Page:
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How To Respond To Greyhound Growling


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Hi all, we recently adopted a Greyhound, Pepper, and she is a sweet and spunky 4-year old girl. She loves food, dogs, people, and petting. We are working on training her with positive reinforcement (using Sue Ailsby's Training Levels) and she's doing great with the basics. She is currently doing well with "leave it" when something falls on the floor.

 

A few times she has growled at my husband or I - for example, when she found part of a sandwich that fell on the floor and I tried to pull it out of her mouth, and when my husband tried to take a toy that she was about to swallow a piece of. She hasn't growled at us when putting our hands near her food bowl to add special treats though. I am hoping that with training, we will avoid all of these problems (for example, once we get to the next level with "leave it," we should be able to command her to let go ). However, I am wondering what to do in the meantime. Should we just avoid going near her face when she has food/toys in her mouth? Or, should we immediately pause all other training and start working on "trading up" in order to nip this in the bud. One concern is that we spend a lot of time with my sister's dogs, both of whom have no problem sticking their heads near the other's food, treats, toys, etc., and I am worried that one of them might stick their heads near something Pepper is possessive of and she will bite.

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Growling isn't a bad thing. It's one of the only way your dog has to communicate with you. It's not a sign of aggression or any sort of dominance thing.

 

The best thing would of course be for her to learn a "drop it" command along with her "leave it." In the meantime, you can do trading up, even without any training. Just make sure you're using a treat that has a high enough value that she will drop whatever she has to take it.

 

And, yes, she will probably growl and snap if another dog tries to take something from her - that's why it's called resource guarding! - so it's best to closely supervise her anytime there are high value items around. Personally, I never allow one dog to approach or take anything that another dog has. I redirect them, or I am the middleman for all exchanges, for precisely this reason.

 

Congrats on you new girl, and welcome to Greytalk!

Chris - Mom to: Lilly, Felicity (DeLand), and Andi (Braska Pandora)

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Angels: Libby (Everlast), Dorie (Dog Gone Holly), Dude (TNJ VooDoo), Copper (Kid's Copper), Cash (GSI Payncash), Toni (LPH Cry Baby), Whiskey (KT's Phys Ed), Atom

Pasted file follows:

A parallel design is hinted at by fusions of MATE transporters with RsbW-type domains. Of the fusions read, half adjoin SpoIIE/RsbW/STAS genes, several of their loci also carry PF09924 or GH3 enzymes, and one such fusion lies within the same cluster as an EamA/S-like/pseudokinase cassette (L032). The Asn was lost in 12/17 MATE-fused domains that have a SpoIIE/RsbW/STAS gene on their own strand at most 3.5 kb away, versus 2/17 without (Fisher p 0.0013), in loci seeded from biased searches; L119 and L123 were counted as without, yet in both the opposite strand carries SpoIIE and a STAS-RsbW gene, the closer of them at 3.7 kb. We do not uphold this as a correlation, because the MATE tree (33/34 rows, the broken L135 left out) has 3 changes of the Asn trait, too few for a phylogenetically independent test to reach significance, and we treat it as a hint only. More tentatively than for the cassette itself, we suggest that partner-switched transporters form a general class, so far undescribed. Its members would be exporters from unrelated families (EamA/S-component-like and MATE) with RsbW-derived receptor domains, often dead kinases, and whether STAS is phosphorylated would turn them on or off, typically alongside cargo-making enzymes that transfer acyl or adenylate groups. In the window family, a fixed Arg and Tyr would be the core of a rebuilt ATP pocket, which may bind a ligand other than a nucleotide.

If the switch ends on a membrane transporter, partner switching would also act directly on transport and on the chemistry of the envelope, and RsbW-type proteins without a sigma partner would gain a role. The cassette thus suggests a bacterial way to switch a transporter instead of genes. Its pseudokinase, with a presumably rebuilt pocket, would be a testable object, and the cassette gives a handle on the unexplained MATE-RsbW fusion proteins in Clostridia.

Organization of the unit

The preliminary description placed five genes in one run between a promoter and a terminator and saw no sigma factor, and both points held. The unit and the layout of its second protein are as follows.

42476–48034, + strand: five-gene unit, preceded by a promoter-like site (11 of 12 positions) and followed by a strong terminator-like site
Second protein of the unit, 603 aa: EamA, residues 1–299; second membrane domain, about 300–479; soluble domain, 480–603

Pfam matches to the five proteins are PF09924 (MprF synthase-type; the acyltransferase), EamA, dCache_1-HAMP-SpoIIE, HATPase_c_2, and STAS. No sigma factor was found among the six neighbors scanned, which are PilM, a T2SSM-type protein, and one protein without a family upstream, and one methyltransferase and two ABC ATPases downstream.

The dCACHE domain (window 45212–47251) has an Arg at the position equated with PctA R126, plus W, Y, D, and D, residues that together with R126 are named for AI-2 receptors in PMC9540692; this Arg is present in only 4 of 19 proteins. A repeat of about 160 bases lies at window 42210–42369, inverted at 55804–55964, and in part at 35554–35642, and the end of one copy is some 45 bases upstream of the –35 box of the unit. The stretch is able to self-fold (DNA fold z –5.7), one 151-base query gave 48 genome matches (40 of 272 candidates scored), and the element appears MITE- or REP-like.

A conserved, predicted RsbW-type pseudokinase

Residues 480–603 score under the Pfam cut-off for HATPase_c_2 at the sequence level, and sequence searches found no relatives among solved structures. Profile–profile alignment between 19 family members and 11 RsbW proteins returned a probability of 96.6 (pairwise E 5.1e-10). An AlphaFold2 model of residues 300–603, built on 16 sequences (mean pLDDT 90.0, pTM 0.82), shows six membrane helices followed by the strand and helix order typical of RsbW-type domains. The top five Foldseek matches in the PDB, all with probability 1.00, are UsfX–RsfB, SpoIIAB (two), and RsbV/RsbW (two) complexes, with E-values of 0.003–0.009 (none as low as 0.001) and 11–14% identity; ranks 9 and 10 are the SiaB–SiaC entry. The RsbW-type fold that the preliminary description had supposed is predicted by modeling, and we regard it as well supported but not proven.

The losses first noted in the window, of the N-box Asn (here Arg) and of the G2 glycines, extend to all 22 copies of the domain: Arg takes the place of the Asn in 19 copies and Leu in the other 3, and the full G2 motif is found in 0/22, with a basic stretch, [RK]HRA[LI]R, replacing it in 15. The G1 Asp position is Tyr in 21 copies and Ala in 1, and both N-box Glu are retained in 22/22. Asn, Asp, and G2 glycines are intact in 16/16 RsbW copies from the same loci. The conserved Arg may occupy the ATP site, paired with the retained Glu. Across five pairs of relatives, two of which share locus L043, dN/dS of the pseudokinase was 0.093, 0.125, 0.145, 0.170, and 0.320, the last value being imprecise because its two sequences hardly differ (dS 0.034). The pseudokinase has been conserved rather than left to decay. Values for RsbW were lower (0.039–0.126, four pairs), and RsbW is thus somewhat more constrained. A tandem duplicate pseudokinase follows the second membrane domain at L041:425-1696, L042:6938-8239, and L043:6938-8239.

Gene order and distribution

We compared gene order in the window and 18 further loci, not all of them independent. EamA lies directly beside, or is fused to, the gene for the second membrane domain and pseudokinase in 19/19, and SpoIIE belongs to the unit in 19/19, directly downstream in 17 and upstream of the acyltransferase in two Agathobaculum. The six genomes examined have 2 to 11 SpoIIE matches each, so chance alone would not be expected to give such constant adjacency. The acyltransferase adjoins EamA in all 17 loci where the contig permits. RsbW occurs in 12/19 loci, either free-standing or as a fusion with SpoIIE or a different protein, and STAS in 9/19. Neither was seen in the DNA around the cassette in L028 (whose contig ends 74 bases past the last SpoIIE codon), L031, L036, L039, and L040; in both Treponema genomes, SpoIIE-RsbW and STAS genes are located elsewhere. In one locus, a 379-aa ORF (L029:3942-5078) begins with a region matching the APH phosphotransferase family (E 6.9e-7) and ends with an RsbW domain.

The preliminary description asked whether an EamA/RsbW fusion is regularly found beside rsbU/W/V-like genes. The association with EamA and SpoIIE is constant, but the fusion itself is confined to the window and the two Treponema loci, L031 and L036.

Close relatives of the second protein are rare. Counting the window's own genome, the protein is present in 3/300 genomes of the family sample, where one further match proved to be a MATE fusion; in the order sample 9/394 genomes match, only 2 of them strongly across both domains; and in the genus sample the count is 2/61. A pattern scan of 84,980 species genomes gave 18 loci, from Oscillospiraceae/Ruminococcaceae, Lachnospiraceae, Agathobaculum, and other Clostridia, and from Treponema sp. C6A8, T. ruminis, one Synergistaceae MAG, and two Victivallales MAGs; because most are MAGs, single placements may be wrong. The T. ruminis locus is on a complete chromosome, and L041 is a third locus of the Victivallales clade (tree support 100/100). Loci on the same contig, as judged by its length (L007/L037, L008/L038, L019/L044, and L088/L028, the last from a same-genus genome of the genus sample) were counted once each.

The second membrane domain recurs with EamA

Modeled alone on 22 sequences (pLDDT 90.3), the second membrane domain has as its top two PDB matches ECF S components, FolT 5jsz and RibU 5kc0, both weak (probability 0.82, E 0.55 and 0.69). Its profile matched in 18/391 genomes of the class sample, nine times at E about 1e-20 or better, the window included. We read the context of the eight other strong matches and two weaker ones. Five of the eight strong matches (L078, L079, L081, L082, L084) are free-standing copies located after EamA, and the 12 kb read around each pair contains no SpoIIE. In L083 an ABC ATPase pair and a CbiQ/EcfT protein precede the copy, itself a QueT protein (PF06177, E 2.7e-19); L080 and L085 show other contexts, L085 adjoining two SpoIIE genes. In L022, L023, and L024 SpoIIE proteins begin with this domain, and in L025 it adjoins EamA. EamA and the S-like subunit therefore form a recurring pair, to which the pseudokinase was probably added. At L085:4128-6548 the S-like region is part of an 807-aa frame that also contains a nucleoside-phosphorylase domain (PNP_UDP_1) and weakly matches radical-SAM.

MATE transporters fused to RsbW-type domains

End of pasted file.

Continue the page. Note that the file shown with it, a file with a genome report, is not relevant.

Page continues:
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When one of my boys growled at me when I had to do something like preventing him from swallowing that piece of toy you mentioned I tell him to stop it with my voice of god. I'm 100% for positive reinforcement but sometimes you just need to be strict (is that the right word?).

Dogs don't do democracy. And in a possible life and dead situation I need to be able to stop them from doing themselves harm.

Sorry for butchering the english language. I try to keep the mistakes to a minimum.

 

Nadine with Paddy (Zippy Mullane), Saoirse (Lizzie Be Nice), Abu (Cillowen Abu) and bridge angels Colin (Dessies Hero) and Andy (Riot Officer).

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No self respecting dog is going to let other dogs steal their food. Her behavior is totally normal.

 

If your sister's dogs are rude around food, keep them separated while eating.

 

Greyhounds have impecable manners compared to other dogs, owing to their growing up in packs, and not as little puppies removed from their dog family at 8 weeks of age. Your dog knows where it's at: your sister's dogs are the issue. :)

 

The simplest answer is usually right. Don't let them in contact with each other during meals.


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Susan,  Hamish,  Mister Bigglesworth and Nikita Stanislav. Missing Ming, George, and Buck

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Thanks everyone! I should clarify that we already separate the dogs during meals, so I was more concerned about whether she might settle down next to a toy she likes and then get possessive of it if one of the other dogs (or people) got too close to it. When she growled at my husband trying to take the toy, it surprised us because it wasn't food (and she was laying on a pile of other toys), but now that you mention "high value" I realize that this was a new toy she had just discovered, so it probably was pretty precious to her at that moment. I'll continue working up to "drop it," and work on trading up in the meantime.

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I really appreciate this thread. We've recently adopted "Leica Tiger" (formerly raced ad T's Randy Savage), and I've been having to address similar issues. We've haf him just over a month, and rhe first couple weeks he showed no signs og growling over high value items. But I think as he's comes out of his shell and gets more comforts and confident in his new life, we will need to consistently address this witj him. Mostly now, I'm working on trading up, but I think I need to incorporate more obedience into those situations, like "leave it.

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